This is part 3 of our series to survive the startup team turbulence of the COVID-19 public crisis – we hope it goes just a little way to help us all get through the next few weeks. Part 1 on founder survival is here, part 2 on spotting sign of stress in your team is here.
The most effective startup leaders take an individualised approach to team leadership. By watching, learning and coaching each team member it leaves teams empowered, feeling valued and ultimately more productive. But to maintain that into our new remote-working reality requires a greater degree of intentionality.
Understand what gets the best from your team
When we’re face-to-face with our team we can watch, reflect and gradually learn what gets the best from each of them, and how they work best together. When forced remote – especially for long periods of time – this cannot happen and it’s very easy to lose touch. In addition, with the stresses and strains of the current public health crisis blurring lines between work and life – it’s likely that what you knew before about your team mates might have changed too.
It is our job as a startup leader to understand the strains each person might be under (see more on that here) and instigate a conversation to identify what processes and conditions will allow them to perform at their best. Dig into working hours, home/work set-up and look to understand what natural communication preference they have based on their personality type too. Natural introverts and extroverts have very different approaches to response time, brevity and style – understanding this can really help smooth out communications in your team.
Set boundaries to help everyone be productive and well
“Always-on” is a dangerous and unproductive mindset – even the best athletes on the best teams require time to rest and recover. So be intentional about when you are working and when you are not, and encourage your whole team to do the same. The practicalities of this will likely be different for different teams based on what communication channels you use, but spending an hour together virtually to discuss what your team ‘norms’ will be and what rules of engagement you’d like to share, can go a long way to
keeping petty frustrations to a minimum.
By setting boundaries for the whole team on work vs life you can really improve team wellbeing here too. The always-on mindset leaves people feeling guilty – which means they never properly turn off. Because of remote-working we’ve had to force that into the home even more, so we have a responsibility to make it clear when people are expected to be OFF to stop that guilt. Simple team rules, like no emails after 8pm or on weekends, can make a huge difference to your team actually switching off and coming back afresh in the morning.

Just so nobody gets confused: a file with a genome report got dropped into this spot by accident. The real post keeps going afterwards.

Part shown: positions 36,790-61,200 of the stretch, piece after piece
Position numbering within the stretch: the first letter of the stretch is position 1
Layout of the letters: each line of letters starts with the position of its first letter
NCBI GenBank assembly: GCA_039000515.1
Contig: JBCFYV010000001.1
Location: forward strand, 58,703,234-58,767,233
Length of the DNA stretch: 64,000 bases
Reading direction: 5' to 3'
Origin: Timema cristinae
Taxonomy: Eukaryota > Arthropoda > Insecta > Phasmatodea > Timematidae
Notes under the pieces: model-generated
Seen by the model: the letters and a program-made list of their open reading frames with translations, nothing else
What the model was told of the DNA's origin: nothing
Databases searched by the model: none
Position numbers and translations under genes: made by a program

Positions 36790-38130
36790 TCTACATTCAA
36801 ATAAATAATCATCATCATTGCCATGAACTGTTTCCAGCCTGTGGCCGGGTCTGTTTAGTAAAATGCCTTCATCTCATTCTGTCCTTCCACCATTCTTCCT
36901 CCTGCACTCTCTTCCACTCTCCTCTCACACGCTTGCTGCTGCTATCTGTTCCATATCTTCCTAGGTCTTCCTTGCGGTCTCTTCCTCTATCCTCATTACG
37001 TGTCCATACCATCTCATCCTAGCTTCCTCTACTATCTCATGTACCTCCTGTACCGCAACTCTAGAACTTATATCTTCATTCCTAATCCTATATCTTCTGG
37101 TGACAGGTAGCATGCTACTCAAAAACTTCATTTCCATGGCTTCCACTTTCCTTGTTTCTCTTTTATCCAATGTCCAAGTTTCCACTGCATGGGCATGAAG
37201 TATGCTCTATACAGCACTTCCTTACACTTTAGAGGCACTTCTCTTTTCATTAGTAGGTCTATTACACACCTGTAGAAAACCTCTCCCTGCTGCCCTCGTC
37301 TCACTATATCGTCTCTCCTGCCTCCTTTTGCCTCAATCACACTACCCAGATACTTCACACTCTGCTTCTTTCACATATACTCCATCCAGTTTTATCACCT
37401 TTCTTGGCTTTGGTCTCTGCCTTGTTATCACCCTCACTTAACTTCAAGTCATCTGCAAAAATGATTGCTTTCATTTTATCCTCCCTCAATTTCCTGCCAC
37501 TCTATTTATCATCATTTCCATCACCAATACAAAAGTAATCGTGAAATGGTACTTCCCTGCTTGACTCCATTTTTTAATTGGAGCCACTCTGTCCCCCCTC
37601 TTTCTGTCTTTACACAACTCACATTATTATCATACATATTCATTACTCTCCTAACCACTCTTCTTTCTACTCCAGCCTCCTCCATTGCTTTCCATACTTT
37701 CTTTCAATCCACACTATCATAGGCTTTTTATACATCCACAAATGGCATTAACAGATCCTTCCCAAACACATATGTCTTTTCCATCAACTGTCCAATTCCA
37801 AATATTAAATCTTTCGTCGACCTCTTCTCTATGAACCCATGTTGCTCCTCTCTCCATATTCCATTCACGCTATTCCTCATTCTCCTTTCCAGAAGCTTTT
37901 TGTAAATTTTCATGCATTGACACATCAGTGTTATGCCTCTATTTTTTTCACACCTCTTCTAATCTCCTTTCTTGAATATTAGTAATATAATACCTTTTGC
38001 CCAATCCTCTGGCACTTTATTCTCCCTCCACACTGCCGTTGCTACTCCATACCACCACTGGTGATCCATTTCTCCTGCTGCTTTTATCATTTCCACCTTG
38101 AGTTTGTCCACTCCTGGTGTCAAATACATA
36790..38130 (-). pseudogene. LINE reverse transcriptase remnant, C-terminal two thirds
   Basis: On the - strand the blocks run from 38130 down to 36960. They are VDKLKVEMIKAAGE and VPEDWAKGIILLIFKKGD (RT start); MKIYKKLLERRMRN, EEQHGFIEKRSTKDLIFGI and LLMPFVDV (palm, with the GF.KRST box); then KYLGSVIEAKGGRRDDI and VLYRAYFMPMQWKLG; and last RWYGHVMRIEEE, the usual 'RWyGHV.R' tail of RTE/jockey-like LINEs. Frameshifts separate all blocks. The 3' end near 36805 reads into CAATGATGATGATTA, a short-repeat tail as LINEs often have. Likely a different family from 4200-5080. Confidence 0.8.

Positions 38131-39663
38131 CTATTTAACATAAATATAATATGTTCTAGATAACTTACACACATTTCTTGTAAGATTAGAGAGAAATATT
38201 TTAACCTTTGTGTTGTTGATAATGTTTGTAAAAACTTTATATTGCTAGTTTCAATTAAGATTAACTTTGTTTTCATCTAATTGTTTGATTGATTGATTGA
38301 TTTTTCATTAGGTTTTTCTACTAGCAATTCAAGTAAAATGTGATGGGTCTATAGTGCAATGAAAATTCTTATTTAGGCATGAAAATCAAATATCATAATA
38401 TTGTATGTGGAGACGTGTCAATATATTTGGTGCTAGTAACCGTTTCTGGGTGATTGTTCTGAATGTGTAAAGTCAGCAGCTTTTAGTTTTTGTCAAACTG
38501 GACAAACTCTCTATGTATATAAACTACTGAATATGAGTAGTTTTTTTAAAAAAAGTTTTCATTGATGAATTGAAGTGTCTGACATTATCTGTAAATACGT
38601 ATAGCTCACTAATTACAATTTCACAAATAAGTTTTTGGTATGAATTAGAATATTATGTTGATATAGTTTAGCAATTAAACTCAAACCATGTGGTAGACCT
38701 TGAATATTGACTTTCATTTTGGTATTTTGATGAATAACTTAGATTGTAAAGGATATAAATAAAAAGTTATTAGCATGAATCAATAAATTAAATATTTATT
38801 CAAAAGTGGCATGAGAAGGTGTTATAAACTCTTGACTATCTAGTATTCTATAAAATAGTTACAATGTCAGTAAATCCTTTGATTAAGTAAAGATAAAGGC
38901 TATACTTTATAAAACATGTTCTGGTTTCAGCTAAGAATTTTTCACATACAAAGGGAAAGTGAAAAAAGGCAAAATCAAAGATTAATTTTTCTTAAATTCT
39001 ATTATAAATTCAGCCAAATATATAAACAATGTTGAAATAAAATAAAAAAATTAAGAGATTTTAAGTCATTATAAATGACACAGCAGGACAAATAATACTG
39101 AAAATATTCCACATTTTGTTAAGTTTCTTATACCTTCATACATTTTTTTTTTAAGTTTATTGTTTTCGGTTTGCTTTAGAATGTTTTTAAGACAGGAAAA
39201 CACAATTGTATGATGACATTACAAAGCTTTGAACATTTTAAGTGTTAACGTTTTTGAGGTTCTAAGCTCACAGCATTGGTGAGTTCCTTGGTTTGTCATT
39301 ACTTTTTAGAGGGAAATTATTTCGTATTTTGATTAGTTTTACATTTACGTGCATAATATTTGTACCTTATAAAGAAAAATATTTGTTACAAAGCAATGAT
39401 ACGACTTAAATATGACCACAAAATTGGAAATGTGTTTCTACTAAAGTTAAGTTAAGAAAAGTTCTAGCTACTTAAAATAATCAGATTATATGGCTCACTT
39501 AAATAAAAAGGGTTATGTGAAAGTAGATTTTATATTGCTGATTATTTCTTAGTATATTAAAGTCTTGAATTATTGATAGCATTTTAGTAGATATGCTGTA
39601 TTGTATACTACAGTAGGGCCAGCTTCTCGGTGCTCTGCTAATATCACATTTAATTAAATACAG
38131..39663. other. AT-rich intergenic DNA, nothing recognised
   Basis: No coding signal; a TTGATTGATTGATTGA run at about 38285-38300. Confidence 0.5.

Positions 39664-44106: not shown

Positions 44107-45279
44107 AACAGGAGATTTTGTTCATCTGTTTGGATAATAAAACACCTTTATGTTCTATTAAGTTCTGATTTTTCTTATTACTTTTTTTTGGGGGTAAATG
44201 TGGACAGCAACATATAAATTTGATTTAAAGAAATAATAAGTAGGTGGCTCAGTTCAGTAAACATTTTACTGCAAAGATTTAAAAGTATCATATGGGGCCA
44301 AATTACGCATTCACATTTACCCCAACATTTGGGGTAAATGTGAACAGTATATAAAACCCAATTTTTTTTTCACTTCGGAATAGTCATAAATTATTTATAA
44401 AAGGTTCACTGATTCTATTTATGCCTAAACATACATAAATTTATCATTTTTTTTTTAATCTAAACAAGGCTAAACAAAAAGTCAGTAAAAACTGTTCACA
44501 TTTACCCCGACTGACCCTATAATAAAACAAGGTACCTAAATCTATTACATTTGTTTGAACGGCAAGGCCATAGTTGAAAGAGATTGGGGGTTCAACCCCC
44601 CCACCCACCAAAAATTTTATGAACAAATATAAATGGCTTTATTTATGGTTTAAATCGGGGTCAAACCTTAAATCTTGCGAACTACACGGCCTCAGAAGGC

Set expectations early and clearly
With less opportunity to ‘just check in’ that things are ok, or if anyone needs any help as remote startup leaders we must make expectations crystal clear:
- X is the deliverable,
- Y is the quality standard,
- Z is the deadline.
Where possible, align goals to the company mission or purpose too as that helps keep everyone
aligned and motivated by a bigger purpose.
Proactive communication that works
Even the most introverted team member is likely to feel cut off in the coming weeks; and the extroverts who thrive off others to have energy are really likely to be effected. To keep business on track we need everyone to feel momentum and feel connected. The sooner you can add some structure for your team communication the better. Consider:
- Weekly all-team check-ins virtually to share key information and progress updates (per team, or per person depending on the size of your team). This creates that sense of team and common purpose in a virtual world
- 1:1 Progress reviews with each direct report weekly to check-in on progress, work through any challenges together and agree the priorities for the week ahead
- 1:1 Developmental coaching once a month to offer support and development to those in your team, away from the practical day-to-day tasks
- Seek out a social anchor – such as a weekly virtual lunch meet-up, or Friday 5pm virtual beers so that those who really fuel off others still have their social outlet with their colleagues, enabling them to feel connected and work at their best.
Don’t forget in turbulent times, your team needs to hear from you too, otherwise they might panic behind closed doors. So keep the lines of communication open, honest and broad. Send emails or post videos about your reasoning, intentions and expectations. Make it easy for team members to know your thoughts and contribute their own.
And finally, say well done…
It doesn’t cost anything to be kind, and the benefits for leaders are great with empathy and compassion significantly improving team performance AND profitability. Research that looked at 5,600 people across 77 organizations showed that “the single greatest influence on profitability and productivity …is the ability of leaders to spend more time and effort developing and recognizing their people, welcoming feedback, including criticism, and fostering co-operation.” Additionally, it identified a leader’s ability “to understand people’s motivators, hopes, and difficulties and to create the right support mechanism to allow people to be as good as they can be” – has the greatest correlation with performance.
Read our practical tips on how to build in those valuable “well dones” for you and your team over here.
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